It is essentially easier to appoint a new label or a new style, than to describe something in detail that at its core is “transverbal”. Transverbal also implies that it is open to interpretation, variable, instable, provisional, temporary and whatever else one might like to ascribe to this family of terms. The desire to communicate beyond semantic and syntactical axioms here seems to be a constitutive longing of the modern age, and is at the same time an expression of its lostness in the new. Modernity means a permanent departure. Questions about possible arrivals are taboo. Hence, questioning the quality of art and life is eliminated from the now and postponed to a possible future. One sees what one is capable of recognizing. So, it was in good part verbal helplessness in regard to this new form of art that brought the concept of abstraction into the art arena. But the break with the cultural heritage that was perceived as a burden could in this way be symbolically carried out. It gave the “new”, generally speaking, a free ride. (So, from the beginning, abstraction was not a “pure” term. Perhaps it is precisely these impurities of terminology that constitute the art discourse and keep it alive and flourishing)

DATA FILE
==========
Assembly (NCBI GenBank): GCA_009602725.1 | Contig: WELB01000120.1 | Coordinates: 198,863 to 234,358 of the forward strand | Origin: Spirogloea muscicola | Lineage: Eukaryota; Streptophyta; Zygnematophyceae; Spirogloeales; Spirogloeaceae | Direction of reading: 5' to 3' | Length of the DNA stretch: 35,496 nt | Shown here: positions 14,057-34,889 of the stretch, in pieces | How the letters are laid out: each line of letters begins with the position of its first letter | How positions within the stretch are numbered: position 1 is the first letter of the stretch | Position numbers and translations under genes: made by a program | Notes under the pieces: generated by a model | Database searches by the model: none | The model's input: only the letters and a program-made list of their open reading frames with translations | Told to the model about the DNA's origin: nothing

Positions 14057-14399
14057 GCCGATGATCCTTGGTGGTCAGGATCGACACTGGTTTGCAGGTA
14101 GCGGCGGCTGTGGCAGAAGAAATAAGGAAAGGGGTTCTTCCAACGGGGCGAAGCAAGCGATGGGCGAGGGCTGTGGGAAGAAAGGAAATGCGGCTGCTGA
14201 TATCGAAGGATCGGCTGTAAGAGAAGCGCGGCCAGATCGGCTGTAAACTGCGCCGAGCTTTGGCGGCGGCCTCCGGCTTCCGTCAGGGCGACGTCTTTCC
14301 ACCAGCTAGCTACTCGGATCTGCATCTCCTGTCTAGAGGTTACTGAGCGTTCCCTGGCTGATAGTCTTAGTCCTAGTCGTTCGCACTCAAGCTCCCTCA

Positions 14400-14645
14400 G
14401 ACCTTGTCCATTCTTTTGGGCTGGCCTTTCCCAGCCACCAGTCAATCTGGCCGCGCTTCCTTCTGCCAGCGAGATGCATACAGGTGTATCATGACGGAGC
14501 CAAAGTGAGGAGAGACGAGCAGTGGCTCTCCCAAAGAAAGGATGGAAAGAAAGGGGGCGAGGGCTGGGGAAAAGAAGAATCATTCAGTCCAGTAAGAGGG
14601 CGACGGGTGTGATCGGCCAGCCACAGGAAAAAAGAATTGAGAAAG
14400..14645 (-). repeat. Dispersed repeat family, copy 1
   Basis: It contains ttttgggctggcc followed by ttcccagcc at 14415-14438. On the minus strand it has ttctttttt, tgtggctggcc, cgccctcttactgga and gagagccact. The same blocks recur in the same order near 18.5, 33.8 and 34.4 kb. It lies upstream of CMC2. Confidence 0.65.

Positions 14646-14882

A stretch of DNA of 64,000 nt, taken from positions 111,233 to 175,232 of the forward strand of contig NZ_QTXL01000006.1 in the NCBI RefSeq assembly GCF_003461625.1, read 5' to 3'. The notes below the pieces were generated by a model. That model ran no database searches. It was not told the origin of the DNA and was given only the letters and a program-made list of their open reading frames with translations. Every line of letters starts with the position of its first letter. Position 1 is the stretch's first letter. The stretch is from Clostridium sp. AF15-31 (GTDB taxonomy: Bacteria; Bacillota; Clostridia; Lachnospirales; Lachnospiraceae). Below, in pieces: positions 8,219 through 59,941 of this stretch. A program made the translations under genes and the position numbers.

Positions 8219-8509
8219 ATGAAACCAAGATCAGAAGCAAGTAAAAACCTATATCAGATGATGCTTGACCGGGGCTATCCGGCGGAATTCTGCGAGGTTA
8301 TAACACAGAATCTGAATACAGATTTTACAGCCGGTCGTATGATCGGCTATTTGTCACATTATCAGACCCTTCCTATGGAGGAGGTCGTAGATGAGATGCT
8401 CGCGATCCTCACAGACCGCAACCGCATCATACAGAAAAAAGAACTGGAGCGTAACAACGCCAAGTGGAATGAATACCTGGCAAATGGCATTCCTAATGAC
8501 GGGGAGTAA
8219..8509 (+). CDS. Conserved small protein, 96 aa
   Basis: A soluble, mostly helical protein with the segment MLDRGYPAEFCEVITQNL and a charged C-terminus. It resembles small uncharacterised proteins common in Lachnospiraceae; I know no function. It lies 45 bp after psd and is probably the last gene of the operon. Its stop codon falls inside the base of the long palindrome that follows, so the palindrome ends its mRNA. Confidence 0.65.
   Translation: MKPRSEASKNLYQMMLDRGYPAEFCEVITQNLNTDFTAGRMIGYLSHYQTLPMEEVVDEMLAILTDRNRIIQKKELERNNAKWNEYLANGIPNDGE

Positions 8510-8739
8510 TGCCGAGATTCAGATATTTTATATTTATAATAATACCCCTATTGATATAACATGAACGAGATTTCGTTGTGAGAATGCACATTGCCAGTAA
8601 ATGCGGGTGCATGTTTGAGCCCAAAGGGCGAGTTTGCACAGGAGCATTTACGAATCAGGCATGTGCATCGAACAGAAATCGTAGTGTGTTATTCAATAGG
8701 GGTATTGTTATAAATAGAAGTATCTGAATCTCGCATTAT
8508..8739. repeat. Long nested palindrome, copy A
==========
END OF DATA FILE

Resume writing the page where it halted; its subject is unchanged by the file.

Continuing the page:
We could ask (when over a hundred years ago the magic word abstraction made the rounds in art circles) if the narrowing down of the term abstraction to a somewhat vague paraphrase concerning the achievements of reduction could really address everything in those days that the new brought forth. It would also have been possible to view abstraction as not just a question of more or less successful reduction, but to view abstraction as a question of mastering complexity. An advantage of this approach would have been that questions on the traceability of resolved complexities, that is, questions of what and how was abstracted, in each work of art that might be termed abstract could have been posed anew. At the same time, one would not have had to endlessly repeat that which had already been”properly” abstracted.

The thousandfold repetition of abstraction, as reduction of something that already has been reduced to the zero point,turns into a reproduced tautology. Seen from this perspective, the artworks in the period of time of their reproducibility were not an issue; the problem lay with the thousandfold replicated tautology. (Indeed, art, and also life itself, is a kind of laboratory of possible variations. And it could be unjust to call repetitions or near similarities tautologies.)

However!